The arrest and trial of the Pilgrims can be seen as a form of intimidation of protest, deterring anyone who might follow their example. However, the arrest and trial of the Pilgrims were potentially a new source of public outrage, so it is to be expected that the same sorts of tactics would be used by the government. The tactic of cover-up is most obvious in the concerted attempts by the prosecution to exclude evidence about Pine Gap activities.
The tactic of devaluation is apparent in the prosecution of the Pilgrims as serious criminals who should serve time in prison for their actions. A key tactic of reinterpretation is the assumption underlying the prosecution that the case is about obeying the law, with the possibility of questioning the law off the table.
One of the methods used by powerful perpetrators to reduce outrage from their action is to use official channels to give the appearance of justice. In the case against the Pilgrims, the legal system itself was the most important official channel. By going to court, the prosecution might be seen to reassure observers that it was ensuring justice — even though the legal process in this case was one-sided, with the government throwing enormous resources into the case and using its power to restrict testimony.
Powerful perpetrators do not have it all their own way. The Dili massacre illustrates how attacks can backfire on the perpetrators. To counter the tactics commonly used, challengers can use counter-tactics. They can expose the action, validate the targets, interpret the actions as unfair, avoid official channels and instead mobilise support, and resist intimidation.
The Pilgrims and their supporters used all of these counter-tactics. To counter cover-up, they publicised their arrest and trial.
To counter devaluation, the Pilgrims had only to describe their beliefs and activities: their lives of voluntary poverty and service undermined the prosecution’s portrayal of them as dangerous threats. Furthermore, they organised to get famous and not-so-famous people to write to the Australian Attorney-General requesting that the charges dropped — and to have the letter published in the Saturday Paper.
To counter reinterpretation, they described the prosecution as a gross overreaction, as itself unjust. Rather than relying solely on legal defences, they mobilised support. Finally, to counter intimidation, they valiantly resisted throughout the entire case, refusing to capitulate.
In light of the different methods used by the government and the Pilgrims, did the arrests and prosecution backfire on the government, drawing more attention to Pine Gap and resistance to it than might otherwise be the case? That is hard to judge because there is no easy way to guess what might have happened had the government decided not to press charges. In any case, the issue has not gone away. Pine Gap continues its activities and the Pilgrims, and others, bide their time.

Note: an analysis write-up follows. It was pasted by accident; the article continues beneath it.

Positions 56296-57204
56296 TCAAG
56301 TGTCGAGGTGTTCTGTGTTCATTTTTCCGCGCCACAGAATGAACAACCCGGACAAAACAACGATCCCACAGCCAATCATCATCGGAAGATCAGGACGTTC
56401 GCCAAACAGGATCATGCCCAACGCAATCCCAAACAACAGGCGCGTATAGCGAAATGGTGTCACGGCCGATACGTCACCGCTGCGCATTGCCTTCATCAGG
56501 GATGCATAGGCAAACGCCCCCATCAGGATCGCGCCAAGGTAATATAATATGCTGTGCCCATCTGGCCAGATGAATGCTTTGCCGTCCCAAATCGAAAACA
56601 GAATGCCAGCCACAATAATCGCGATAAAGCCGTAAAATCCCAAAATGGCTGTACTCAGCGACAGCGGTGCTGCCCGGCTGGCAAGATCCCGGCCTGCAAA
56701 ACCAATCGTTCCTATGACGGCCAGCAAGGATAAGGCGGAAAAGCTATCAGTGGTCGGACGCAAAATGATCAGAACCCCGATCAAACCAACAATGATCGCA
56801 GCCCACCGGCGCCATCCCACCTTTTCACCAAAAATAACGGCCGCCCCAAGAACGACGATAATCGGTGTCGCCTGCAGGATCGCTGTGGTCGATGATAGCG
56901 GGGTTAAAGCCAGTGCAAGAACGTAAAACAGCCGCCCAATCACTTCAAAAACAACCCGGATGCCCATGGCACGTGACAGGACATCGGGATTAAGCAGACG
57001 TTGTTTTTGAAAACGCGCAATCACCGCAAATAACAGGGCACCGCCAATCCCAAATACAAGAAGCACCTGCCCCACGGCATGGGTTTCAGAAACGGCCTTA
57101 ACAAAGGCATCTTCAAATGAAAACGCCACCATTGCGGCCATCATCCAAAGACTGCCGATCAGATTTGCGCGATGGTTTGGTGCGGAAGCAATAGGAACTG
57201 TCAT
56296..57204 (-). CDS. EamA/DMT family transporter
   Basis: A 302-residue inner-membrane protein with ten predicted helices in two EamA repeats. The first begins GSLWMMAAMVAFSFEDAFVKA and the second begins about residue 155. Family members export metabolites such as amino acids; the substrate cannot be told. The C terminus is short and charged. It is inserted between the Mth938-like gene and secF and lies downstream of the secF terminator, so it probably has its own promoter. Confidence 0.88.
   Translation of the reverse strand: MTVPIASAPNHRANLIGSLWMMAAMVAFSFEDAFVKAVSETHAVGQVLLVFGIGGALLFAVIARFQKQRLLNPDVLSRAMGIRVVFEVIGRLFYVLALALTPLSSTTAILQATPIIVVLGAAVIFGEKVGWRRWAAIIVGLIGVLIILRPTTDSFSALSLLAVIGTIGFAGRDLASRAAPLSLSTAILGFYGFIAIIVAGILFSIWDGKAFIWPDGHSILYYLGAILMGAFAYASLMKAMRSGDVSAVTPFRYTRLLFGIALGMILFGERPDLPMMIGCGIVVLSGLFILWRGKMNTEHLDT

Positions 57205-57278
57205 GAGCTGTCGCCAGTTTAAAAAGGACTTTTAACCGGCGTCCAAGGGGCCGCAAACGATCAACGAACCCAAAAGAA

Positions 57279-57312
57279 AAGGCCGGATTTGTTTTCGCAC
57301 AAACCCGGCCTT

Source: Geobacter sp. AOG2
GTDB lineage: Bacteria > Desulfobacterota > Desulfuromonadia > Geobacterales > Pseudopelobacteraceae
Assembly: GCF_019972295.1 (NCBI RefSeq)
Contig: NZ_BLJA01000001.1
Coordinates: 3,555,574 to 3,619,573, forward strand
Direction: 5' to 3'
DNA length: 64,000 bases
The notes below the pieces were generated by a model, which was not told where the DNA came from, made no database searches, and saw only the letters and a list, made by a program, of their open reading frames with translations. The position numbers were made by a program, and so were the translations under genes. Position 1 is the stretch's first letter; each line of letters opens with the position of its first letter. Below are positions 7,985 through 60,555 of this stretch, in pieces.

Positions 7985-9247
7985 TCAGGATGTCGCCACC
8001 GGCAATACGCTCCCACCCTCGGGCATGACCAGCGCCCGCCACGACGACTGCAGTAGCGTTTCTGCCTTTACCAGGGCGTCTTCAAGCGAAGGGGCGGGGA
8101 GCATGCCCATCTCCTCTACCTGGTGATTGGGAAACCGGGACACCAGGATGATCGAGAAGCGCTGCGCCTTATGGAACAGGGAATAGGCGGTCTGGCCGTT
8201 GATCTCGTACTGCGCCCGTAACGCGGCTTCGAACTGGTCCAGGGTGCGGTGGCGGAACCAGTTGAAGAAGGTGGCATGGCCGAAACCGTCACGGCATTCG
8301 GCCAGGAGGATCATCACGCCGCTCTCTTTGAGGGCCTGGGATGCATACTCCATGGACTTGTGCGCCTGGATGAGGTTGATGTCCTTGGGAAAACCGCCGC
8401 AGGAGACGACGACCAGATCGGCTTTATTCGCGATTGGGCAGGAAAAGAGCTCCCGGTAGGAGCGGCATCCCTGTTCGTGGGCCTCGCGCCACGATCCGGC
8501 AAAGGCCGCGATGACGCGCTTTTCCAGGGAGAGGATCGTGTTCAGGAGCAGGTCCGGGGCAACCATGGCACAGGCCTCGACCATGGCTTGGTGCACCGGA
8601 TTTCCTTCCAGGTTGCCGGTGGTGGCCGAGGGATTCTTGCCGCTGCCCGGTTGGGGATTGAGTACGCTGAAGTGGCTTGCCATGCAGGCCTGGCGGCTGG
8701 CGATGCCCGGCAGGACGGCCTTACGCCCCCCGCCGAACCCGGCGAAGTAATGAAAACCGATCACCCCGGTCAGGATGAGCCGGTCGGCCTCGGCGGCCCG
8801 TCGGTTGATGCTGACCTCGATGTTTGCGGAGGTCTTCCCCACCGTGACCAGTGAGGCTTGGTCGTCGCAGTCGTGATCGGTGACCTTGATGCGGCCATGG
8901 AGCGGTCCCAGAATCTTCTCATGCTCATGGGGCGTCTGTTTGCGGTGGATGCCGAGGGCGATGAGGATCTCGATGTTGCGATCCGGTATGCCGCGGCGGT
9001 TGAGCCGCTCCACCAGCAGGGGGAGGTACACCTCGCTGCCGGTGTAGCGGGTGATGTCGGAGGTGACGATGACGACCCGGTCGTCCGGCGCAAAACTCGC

Reading Kieran Finnane’s book Peace Crimes inspired me to write something about the issues it raises. One issue is Pine Gap and military bases more generally. Another is the Peace Pilgrims and their principled challenge to military systems. Yet another is the existence of different ways of understanding protests against Pine Gap.
The dominant mainstream framing is that Pine Gap is a valuable part of Australia’s defence and that the Pilgrims, however well intentioned, should not be permitted to threaten the base’s security. Then there is the peace-movement framing, seeing Pine Gap as part of the US military machine that endangers lives around the world. It is useful to understand these positions and to be aware that they are ways of understanding Pine Gap and the Pilgrim challenge — but not the only possible ways. There are many others, including peace movement strategy, the contrast between moral versus legal imperatives, the role of human evil, and outrage management tactics.
Is there a best way of understanding Pine Gap and the Pilgrims? It all depends on your purpose. If you want to pass judgement, some perspectives are more useful than others. If you want to know what you might do to take action, that’s another matter. It is quite useful to draw a key insight from the study of moral foundations, namely that people commonly form a judgement based on their intuitive response and then subsequently find or create rational-sounding justifications for their views. The implication is that it can be extremely difficult to change someone’s mind by providing evidence and rational arguments. When judgements are grounded in gut reactions, changing them usually requires something other than reason.
In the case of Pine Gap and the Pilgrims, a key judgement is whether it is worth paying any attention to them at all. Because there is little mainstream media coverage, many people assume nothing important is happening. If you decide there is, and you want to know more, then it is valuable to seek information from a variety of perspectives. One crucial source is Kieran Finnane’s Peace Crimes.
P.S. The Peace Pilgrims were found guilty. The prosecution had called for imprisonment but the judge instead imposed fines of a few thousand dollars each. For the Pilgrims and their supporters, this was good news.
For assistance and valuable comments, thanks to Cate Adams, Sharon Callaghan, Jack Cohen-Joppa, Kieran Finnane, Margaret Pestorius, Yasmin Rittau, Richard Tanter and Tom Weber.